FAQs: Why is the Agreement for Development of an Online Course required?
The Office of Digital Education is preparing to solicit proposals from the schools and colleges of CU Denver and Anschutz Medical Campus for development of new online programs. An important part of the program development grant is the development of courses for online delivery and the professional development opportunities that are available to faculty who are developing and teaching the online courses. Faculty developing these new courses are paid an online course development stipend and have always been required to sign the “Agreement for Development of an Online Course."
Why is this necessary?
Because we are reorganizing our operations and wanted to make sure we’ve got the most accurate and up-to-date information, we decided to meet with Chris Puckett, Associate Legal Counsel for CU Denver and Anschutz Medical Campus to verify that this was still a requirement. The answer is yes, the University’s Administrative Policy on Intellectual Property that is Educations Material is captured in the “Agreement for Development of an Online Course” and states the following:
Rights of Ownership to Intellectual Property that is Educational
Material Ownership of intellectual property is held by its authors, creators, researchers or innovators, except under the special circumstances as described in this policy and in the policy on discoveries, patents and software. Ownership and copyrights in scholarly and artistic works-- including, but not limited to, textbooks, electronic media, syllabi, tests, assignments, monographs, papers, models, musical compositions, works of art, unpublished manuscripts, and the like--will be the sole and exclusive property of the creator or author. Educational materials created for classroom and learning programs, including electronic media, such as syllabi, assignments, and tests, shall remain the property of the author, creator, researcher and innovator. Exceptions are: (1) those cases in which the production of such materials is a part of a sponsored program, (2) those cases in which the materials are created under the specifically assigned duties of employees other than faculty, or (3) those cases in which substantial university resources were used in creating educational materials.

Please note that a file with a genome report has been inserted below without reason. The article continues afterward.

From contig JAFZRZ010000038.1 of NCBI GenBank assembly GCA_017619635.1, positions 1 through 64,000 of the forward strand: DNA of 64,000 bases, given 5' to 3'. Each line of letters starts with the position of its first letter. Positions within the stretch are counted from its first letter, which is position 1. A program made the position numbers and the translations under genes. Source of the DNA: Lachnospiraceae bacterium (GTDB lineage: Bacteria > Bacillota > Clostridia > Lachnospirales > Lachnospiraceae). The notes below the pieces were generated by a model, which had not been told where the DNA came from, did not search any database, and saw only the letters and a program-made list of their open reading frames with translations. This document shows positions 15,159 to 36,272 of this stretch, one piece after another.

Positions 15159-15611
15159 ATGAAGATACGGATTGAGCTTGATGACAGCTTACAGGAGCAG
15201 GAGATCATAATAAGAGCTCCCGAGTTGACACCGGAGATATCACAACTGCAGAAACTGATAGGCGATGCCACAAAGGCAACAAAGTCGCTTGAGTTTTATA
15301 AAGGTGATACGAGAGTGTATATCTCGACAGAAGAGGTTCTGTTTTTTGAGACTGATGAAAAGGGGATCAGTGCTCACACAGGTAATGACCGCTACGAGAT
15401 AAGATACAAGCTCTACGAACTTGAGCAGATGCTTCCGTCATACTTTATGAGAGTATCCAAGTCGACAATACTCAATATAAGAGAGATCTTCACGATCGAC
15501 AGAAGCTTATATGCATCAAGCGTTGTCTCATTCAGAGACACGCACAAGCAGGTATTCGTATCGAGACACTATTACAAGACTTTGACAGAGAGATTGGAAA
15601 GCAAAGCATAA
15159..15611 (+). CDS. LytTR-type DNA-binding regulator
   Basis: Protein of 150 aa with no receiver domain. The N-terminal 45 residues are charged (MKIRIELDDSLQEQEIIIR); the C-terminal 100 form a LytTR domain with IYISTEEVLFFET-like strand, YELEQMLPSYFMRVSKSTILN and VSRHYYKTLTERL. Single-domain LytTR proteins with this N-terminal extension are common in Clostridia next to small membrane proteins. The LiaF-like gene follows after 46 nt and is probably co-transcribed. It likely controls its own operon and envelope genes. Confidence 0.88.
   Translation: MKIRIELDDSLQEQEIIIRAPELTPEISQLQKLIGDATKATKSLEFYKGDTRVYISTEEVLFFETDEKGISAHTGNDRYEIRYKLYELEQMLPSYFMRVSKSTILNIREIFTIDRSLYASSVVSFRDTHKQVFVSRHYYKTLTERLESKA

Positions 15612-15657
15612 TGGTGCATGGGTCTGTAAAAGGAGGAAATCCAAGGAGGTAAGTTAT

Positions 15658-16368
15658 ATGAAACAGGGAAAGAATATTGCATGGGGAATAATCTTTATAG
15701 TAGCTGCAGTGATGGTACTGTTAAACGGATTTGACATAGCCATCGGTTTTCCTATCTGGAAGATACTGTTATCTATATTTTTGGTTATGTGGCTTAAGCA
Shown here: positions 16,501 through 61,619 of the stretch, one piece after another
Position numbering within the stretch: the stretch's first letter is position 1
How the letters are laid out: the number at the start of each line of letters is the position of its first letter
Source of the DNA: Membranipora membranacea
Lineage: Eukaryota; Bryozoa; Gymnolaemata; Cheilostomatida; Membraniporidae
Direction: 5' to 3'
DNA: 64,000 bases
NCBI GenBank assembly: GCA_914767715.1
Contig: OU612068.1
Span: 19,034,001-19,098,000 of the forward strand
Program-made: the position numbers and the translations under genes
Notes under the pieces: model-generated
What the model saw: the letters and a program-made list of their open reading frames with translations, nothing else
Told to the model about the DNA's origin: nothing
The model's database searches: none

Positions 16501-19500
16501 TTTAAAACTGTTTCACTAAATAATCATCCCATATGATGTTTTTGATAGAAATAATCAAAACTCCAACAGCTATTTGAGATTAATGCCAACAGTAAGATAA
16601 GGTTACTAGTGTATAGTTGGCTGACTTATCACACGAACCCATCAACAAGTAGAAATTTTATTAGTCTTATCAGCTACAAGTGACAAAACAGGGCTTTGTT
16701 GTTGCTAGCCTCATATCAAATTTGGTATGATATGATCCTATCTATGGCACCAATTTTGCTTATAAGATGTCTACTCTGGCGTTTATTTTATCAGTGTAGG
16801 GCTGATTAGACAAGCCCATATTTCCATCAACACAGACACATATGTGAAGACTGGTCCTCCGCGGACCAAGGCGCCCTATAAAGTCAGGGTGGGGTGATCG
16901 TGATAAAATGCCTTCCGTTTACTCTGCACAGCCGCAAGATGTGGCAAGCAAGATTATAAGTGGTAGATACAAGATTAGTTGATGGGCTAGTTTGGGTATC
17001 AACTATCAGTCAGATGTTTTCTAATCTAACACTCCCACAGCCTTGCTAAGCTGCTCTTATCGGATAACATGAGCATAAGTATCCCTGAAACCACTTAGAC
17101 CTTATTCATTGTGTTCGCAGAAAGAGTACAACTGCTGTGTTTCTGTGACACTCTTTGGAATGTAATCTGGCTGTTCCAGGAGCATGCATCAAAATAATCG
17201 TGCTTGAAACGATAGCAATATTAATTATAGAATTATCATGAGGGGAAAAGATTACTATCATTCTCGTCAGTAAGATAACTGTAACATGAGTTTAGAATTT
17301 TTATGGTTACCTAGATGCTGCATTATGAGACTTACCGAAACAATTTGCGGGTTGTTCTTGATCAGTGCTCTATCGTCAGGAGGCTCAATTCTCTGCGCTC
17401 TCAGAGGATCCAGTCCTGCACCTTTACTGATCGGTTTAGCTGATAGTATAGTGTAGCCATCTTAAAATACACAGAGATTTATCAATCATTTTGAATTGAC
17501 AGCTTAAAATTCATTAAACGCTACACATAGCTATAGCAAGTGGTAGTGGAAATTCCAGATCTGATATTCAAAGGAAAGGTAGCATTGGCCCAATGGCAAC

Substantial Use of Resources
"Substantial use of resources" means use of university resources that goes above and beyond those that are customarily and currently provided to University employees. University resources include such things as equipment, staff support, supplemental pay, and offloading from regular duties. Substantial use of University resources gives the University of Colorado a claim to ownership, in part or in whole, of the intellectual property created by University employees.
In short, the agreement clarifies and affirms the shared ownership of a course.
According to Chris, “Agreement for Development of an Online Course” also has a clause that indemnifies the University if there were any copyright infringement issues with the online course.
The only portions of the agreement that ODE modifies are the course and development information, and the grant requirements that must be completed before the grant stipends are paid. Currently those grant requirements include faculty working with an ODE Instructional Designer to create a course map and participation in the Online Skills Mastery (OSM) program and/or other professional development as required.
If you have any questions, you can contact me at Kim.Penoyer@ucdenver.edu.